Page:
A Decade of Recovery: The Sherlock Years, 1945–1955
Cameron’s successor, Marjorie Sherlock (1903–1982), was born in Lethbridge, Alberta. After graduating with honours in English at the University of Alberta in 1927, she took further degrees at Oxford (BA, MA) and Toronto (BLS, 1932). After serving as Chief Cataloguer at the University of Saskatchewan (1933–1940) and Queen’s University (1940–1945), she returned to her alma mater as Chief Librarian. In an interview published in The Gateway on October 12, 1945, she declared that, “As a westerner, who has lived in the East for five years, I am happy to be here, and as an Albertan who has been away for 15 Years, I am even happier.”
That year, 450 returning war veterans helped swell the University’s enrollment to a record total of 4,811, an increase of 2,132 over the previous year. The following year, the University anticipated that an additional 2,400 veterans would seek to enrol, 500 of whom would be married. To cope, the University had, since VE-Day, hired an additional 60 full-time and 40 part-time instructors. These numbers created a student and staff housing crisis that President Newton described in his 1945–1946 report as the University’s own “Battle of the Bulge,” citing the example of the Chemistry Department, serving students in several other disciplines, with laboratories equipped for 800 students that had been forced during the previous term to accommodate 2,000. What was true of Chemistry, was more than doubly true of the Library, with its paltry 285 reading room seats.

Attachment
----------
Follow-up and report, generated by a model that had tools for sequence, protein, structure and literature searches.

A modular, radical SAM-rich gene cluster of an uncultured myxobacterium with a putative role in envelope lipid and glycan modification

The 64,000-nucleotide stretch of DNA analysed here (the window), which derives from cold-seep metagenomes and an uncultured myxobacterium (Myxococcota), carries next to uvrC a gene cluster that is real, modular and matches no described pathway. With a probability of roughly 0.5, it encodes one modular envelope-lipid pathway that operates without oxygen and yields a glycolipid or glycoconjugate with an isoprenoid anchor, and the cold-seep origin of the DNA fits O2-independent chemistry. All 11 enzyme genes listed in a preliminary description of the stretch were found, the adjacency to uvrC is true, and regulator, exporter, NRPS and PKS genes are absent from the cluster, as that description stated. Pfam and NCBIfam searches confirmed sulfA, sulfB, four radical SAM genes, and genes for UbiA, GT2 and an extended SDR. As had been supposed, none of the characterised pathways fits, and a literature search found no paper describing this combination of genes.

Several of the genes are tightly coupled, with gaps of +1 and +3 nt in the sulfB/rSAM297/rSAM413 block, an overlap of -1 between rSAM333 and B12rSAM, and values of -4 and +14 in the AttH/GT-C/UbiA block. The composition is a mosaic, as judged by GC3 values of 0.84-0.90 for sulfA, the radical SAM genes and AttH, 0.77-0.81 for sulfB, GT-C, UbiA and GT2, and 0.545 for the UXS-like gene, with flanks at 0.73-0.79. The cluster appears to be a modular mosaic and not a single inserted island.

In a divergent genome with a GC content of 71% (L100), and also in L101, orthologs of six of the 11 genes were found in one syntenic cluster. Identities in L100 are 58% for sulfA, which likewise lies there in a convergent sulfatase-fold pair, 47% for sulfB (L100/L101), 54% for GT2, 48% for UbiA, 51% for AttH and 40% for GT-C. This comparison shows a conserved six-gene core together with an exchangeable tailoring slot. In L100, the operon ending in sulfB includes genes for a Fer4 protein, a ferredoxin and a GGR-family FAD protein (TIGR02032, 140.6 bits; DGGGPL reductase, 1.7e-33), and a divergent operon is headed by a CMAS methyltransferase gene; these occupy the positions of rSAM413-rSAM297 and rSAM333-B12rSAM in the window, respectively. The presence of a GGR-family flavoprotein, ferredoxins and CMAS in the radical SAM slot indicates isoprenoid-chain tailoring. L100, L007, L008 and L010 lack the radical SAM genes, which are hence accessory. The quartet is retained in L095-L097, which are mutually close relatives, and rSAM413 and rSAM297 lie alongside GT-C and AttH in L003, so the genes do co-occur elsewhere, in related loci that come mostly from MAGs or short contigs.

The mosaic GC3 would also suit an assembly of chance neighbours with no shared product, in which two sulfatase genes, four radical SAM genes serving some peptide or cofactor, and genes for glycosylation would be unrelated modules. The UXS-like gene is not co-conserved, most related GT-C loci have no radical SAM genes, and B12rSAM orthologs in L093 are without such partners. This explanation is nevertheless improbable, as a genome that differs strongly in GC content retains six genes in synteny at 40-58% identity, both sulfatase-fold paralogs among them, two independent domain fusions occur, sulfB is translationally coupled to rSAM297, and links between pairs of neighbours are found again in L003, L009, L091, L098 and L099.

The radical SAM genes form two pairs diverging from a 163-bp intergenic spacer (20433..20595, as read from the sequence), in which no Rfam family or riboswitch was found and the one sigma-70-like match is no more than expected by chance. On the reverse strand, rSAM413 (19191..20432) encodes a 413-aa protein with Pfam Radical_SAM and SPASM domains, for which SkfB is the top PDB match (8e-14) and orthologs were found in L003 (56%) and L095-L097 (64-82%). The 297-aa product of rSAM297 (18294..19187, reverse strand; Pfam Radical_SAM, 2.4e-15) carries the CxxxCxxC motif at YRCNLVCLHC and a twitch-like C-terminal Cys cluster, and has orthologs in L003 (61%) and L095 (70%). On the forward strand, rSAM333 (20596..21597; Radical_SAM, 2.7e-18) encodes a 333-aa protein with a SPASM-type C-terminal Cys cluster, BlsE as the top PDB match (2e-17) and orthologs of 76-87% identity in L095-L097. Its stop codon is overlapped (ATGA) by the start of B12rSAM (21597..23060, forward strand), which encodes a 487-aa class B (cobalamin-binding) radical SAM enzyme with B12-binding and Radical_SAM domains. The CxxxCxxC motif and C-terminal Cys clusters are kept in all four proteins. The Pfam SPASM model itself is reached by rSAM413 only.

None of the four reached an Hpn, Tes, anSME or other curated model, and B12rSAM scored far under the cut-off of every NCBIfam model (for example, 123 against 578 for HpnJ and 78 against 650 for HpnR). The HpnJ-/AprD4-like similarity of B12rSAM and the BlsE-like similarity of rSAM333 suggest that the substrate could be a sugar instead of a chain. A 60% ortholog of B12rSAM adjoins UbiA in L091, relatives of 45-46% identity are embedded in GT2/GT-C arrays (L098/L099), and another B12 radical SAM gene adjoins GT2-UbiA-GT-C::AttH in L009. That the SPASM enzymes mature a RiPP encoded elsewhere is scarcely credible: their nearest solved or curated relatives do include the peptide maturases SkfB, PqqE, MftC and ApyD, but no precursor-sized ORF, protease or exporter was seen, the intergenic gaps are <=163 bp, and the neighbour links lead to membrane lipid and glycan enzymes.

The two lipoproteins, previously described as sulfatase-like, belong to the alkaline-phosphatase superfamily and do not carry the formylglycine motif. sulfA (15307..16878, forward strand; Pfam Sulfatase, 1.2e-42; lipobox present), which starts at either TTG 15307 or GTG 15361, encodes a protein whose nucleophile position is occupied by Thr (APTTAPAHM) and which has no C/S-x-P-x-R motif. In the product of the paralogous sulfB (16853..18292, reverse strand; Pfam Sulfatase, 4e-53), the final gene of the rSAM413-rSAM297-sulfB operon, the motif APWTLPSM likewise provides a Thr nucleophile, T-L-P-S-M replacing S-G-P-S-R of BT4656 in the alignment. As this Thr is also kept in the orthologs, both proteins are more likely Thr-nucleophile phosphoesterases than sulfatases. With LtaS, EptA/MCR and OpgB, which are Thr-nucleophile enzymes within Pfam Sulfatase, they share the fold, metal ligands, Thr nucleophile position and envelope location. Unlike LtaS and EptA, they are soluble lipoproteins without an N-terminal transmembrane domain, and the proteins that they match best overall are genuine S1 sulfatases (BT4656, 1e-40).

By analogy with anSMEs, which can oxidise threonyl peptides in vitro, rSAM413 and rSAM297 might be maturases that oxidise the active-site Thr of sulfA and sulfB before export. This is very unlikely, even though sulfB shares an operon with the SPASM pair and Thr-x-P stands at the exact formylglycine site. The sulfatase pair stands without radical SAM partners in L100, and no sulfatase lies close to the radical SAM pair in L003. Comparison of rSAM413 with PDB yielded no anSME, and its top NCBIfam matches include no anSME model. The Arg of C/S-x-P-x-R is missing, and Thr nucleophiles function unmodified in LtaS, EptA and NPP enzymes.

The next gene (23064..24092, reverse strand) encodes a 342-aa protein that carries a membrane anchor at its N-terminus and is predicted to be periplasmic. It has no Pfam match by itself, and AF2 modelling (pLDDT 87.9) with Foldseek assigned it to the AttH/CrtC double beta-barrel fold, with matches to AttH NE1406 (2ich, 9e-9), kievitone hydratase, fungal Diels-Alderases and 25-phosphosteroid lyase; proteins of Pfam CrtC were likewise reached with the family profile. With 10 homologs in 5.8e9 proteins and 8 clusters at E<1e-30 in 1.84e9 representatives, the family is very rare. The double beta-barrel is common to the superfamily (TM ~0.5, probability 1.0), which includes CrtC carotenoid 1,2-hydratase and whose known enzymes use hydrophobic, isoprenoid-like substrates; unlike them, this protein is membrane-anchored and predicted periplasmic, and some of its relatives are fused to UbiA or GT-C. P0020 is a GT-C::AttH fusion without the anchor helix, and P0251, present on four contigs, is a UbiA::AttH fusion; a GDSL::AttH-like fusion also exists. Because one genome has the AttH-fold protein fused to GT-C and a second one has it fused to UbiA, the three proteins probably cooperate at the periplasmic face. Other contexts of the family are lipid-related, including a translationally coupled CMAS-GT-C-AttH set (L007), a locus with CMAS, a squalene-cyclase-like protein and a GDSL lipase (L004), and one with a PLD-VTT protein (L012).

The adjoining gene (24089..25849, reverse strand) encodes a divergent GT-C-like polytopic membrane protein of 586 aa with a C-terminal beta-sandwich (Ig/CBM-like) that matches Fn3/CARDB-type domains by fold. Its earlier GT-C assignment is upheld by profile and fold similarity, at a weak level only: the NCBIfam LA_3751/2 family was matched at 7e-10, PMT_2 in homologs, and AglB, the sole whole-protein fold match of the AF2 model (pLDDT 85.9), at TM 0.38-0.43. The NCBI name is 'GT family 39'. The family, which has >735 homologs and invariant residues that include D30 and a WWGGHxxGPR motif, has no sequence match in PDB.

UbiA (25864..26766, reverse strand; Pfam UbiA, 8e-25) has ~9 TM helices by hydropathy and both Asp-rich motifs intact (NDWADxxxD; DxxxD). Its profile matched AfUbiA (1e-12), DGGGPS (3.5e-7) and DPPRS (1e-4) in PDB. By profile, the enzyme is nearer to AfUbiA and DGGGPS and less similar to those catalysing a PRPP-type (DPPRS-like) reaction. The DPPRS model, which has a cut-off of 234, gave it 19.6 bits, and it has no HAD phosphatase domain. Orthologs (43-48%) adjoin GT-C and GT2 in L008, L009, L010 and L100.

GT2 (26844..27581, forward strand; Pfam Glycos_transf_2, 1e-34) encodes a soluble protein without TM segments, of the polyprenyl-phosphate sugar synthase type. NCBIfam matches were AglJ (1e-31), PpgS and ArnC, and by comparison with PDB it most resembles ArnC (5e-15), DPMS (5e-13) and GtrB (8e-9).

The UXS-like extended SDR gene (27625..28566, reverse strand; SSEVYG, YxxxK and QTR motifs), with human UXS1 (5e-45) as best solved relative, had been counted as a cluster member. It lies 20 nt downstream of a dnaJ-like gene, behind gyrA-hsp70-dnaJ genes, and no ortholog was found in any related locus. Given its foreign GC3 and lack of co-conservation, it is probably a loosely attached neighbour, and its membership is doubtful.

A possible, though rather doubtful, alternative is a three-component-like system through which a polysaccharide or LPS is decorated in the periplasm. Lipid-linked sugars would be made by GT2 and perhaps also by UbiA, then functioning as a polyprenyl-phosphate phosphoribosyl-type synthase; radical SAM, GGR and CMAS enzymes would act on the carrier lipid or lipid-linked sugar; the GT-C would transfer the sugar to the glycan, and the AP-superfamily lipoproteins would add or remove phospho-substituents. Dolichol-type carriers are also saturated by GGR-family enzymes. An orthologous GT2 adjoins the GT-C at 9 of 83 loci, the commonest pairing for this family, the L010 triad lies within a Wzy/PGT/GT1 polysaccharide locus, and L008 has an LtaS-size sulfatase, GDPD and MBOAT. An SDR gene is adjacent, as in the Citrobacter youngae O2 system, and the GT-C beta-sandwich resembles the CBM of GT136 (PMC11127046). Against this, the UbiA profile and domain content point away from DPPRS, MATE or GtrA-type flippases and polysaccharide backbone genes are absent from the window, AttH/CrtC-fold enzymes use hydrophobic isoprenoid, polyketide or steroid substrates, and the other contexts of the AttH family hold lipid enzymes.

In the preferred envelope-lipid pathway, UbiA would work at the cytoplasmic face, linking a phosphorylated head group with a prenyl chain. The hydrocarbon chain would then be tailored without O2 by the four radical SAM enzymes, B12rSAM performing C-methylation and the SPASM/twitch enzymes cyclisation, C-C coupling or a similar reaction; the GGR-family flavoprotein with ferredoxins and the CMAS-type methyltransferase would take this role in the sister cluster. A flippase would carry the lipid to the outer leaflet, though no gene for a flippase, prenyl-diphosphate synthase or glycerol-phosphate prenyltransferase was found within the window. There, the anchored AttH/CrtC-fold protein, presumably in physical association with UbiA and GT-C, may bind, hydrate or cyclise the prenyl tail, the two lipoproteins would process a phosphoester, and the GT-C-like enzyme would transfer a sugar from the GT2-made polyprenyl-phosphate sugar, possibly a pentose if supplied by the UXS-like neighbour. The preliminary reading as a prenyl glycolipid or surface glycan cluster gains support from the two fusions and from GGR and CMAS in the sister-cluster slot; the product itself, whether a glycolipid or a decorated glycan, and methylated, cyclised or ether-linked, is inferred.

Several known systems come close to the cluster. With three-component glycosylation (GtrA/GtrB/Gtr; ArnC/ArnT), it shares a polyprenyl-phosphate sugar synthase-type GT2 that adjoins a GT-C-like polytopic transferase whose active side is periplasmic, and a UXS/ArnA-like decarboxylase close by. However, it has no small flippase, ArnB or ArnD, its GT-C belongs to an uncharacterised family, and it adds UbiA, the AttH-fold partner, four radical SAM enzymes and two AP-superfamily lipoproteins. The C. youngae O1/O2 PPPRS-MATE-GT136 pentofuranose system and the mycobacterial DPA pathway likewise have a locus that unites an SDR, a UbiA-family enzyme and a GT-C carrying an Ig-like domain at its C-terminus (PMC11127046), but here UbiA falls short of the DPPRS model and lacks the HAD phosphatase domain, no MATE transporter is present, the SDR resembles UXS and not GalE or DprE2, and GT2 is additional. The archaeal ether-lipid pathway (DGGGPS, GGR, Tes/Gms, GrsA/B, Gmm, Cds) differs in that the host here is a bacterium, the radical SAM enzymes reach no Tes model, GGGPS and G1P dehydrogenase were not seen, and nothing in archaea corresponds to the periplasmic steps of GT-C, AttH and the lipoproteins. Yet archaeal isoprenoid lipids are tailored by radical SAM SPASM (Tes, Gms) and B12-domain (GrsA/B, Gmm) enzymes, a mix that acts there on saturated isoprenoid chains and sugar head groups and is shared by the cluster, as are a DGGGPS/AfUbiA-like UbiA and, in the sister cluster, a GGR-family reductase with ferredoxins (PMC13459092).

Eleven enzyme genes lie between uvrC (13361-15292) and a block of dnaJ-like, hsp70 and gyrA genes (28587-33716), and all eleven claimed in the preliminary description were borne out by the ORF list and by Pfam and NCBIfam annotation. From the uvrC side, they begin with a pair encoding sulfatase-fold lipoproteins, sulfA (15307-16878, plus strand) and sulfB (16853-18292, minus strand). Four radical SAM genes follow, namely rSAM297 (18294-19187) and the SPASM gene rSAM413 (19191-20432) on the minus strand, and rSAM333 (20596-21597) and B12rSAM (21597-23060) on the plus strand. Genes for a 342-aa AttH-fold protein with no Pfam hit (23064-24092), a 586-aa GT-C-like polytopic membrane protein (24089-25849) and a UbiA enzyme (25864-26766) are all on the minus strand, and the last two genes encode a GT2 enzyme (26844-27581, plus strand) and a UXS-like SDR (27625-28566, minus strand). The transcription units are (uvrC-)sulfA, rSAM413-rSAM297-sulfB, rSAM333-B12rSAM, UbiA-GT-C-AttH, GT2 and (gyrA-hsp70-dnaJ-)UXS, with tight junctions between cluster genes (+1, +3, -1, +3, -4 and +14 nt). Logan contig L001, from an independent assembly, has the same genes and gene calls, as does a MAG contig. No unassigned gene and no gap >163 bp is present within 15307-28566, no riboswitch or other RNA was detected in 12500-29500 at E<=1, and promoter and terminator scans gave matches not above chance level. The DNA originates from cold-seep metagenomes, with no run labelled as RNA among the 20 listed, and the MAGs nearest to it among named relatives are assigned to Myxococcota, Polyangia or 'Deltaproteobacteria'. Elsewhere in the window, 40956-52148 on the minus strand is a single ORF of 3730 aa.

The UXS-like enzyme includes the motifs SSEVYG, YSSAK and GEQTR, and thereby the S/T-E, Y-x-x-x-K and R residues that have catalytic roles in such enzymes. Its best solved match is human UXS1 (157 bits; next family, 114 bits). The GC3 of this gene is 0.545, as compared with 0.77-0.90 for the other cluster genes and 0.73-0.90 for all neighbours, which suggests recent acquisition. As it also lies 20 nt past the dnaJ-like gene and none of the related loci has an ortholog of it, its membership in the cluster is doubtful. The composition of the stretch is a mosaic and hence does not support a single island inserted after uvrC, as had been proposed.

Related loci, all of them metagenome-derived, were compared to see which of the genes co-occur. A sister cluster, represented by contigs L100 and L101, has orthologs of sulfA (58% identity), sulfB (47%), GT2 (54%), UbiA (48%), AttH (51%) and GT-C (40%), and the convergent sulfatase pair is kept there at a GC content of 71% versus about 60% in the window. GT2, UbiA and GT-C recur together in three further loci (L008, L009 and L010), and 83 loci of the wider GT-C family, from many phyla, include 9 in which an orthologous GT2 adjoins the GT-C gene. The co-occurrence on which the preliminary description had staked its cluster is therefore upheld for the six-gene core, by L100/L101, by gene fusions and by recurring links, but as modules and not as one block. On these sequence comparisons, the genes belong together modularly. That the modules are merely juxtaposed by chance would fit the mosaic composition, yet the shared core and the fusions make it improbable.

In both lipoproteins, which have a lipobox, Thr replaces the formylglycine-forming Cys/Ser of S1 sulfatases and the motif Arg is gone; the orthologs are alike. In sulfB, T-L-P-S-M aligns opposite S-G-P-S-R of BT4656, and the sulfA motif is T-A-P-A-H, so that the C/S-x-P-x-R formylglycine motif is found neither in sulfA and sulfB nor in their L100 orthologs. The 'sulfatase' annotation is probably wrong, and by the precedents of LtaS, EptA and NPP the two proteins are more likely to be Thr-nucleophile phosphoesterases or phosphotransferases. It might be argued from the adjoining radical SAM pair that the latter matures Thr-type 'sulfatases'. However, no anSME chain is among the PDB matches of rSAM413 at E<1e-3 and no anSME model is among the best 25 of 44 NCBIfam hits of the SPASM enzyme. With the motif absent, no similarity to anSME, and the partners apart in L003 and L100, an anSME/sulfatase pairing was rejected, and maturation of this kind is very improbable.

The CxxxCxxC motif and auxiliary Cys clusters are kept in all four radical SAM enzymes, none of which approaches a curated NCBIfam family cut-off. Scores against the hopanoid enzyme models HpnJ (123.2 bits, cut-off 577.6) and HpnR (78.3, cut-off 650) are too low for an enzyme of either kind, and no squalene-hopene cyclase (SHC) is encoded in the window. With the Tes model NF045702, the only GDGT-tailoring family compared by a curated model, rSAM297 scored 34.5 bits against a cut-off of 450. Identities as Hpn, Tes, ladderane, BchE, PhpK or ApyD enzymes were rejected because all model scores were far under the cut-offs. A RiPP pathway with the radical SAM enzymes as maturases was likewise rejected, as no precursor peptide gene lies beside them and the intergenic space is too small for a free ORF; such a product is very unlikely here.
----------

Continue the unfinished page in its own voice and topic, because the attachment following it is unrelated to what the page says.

In her first annual report, in the spring of 1946, Miss Sherlock addressed the obvious need for a proper, new library building. As interim measures, 50-seat reading rooms were opened in both the Arts and Education Buildings; study tables were added in the Men’s and Women’s Common Rooms; and 30 seats were added in the Law Library, at the expense of moving 3,000 books into a storeroom beneath Convocation Hall. More significantly, she announced that plans had been completed for a new library building. In her annual report the following year, Miss Sherlock recorded the first of her most lasting and significant achievements: “In March 1946 a revised salary schedule for the Library was approved by the Board of Governors. Members of the Library staff now have academic status and their salaries are graded accordingly. This is a reform long needed, and one in which this University is leading the way for other Canadian universities.” Curiously, although her second annual report was replete with details and statistics of library operations, she made no further mention of the design of the long-delayed library building, which had finally been approved for funding by the Provincial Government in 1947, although she took the greatest pains over its design, building, and equipping.